The car manufacturers have promised to scrap the internal combustion engine, now it’s the turn of the truck manufacturers. But the manufacturers of the giant 18-wheelers are taking a different approach.

Daimler, the world’s largest manufacturer of heavy trucks, whose Freightliners are a familiar sight on American motorways, announced last week that it would switch to zero-emission vehicles in 15 years at the latest, providing yet another example of what the shift to electric drive is like in the redesign of the Vehicle construction with a significant impact on the climate, economic growth and jobs.

The road away from fossil fuels will be different in the truck industry and will take longer than for cars. On the one hand, emission-free long-distance trucks are not yet available in large numbers.

And a different technology may be required to drive the electric motors. Batteries are well suited for delivery vehicles and other local transport trucks that are already on the road in large numbers. But Daimler argues that battery power, at least with current technology, isn’t ideal for long-distance 18-wheelers. The weight of the batteries alone takes off too much of the payload, an important aspect for cost-conscious freight forwarders.

Instead, Daimler and some competitors are relying on fuel cells that generate electricity from hydrogen. Fuel cells produce no tailpipe emissions, and hydrogen tanks can be filled just as quickly as diesel tanks – a clear advantage over batteries, which normally take at least twice as long to charge.

In April, Daimler began testing a prototype of the “GenH2” long-haul truck that can travel 600 miles between visits to the hydrogen pump. But there is still a lot of work to be done to reduce the cost of the equipment, and there is still no network of hydrogen filling stations or a sufficient supply of hydrogen produced in such a way that the environmental benefits are not negated.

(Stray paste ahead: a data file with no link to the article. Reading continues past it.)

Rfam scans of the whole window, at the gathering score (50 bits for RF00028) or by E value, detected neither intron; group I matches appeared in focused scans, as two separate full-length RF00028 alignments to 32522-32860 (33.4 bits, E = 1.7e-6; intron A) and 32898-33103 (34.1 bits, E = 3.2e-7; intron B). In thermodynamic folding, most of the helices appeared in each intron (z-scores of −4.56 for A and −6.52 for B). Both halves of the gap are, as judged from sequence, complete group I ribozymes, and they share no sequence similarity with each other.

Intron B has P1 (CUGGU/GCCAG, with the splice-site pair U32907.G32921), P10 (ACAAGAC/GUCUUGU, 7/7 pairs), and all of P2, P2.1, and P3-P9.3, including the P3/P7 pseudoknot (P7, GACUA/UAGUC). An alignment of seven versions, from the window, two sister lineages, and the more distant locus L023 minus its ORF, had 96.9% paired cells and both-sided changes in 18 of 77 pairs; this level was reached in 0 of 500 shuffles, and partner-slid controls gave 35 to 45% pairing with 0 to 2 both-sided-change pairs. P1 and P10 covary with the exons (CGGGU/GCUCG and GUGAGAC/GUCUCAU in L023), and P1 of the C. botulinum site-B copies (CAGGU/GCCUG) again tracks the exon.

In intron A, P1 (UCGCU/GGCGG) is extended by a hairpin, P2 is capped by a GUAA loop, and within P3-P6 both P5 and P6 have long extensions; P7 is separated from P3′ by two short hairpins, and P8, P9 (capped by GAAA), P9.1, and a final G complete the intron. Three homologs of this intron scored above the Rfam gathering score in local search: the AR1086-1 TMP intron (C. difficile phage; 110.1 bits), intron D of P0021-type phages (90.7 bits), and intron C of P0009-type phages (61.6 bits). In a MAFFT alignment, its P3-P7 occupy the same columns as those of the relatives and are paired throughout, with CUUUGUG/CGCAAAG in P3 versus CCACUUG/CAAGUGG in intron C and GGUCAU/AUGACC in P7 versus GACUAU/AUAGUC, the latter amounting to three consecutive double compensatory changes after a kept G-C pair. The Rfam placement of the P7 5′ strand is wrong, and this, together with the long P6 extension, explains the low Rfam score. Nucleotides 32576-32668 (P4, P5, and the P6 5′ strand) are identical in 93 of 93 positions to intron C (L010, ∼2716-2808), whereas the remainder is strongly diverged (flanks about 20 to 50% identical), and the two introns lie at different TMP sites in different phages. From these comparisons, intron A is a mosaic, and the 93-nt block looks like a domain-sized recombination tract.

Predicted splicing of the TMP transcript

Last week, Daimler announced details on how to solve these problems, with the aim of selling hydrogen-powered long-haul trucks by 2027 that are cheaper to buy and operate than diesel models.

During an online presentation on Thursday, Daimler executives announced a partnership with Shell to build a “hydrogen corridor” for filling stations through Northern Europe. For short-haul trucks, Daimler announced a partnership with the Chinese company CATL to develop batteries and partnerships with Siemens and other companies to install high-voltage charging stations in Europe and the USA.

In March, Daimler and Volvo Trucks, who are usually strong competitors, formed a joint venture to develop fuel cell systems that convert hydrogen into electricity to power long-haul trucks. The message is that even for a company the size of Daimler with sales of 154 billion euros last year or 188 billion dollars, the energy transition is too big to handle on its own.

Daimler has been working on hydrogen fuel cell technology for decades, but the technology is not yet cheap enough or robust enough for commercial use.

“Today’s fuel cells do not meet the demands that we have of our customers at all,” said Lars Stenqvist, Chief Technology Officer of Volvo Trucks (which is a separate company from Volvo Cars), in an interview with the company’s headquarters in Gothenburg, Sweden. “That is a reason to join forces with Daimler to share this development burden.”

Daimler, based in Stuttgart, plans to spin off its truck and bus construction from the Mercedes-Benz Passenger Cars division this year and to found its own company with its own stock exchange listing. The spin-off from Daimler Truck announced in February is a significant event for the company, which has its roots in the inventors of the automobile and was once a large corporation that manufactured not only cars, but also planes and trains.

One rationale for the amicable divorce is to give the trucking unit more room to maneuver to respond to technological change, while also raising money from investors to fund the huge cost of developing zero-emission, long-haul vehicles.

“Independent management and governance will enable them to act even faster,” said Ola Källenius, Chairman of the Board of Management of Daimler, on Thursday.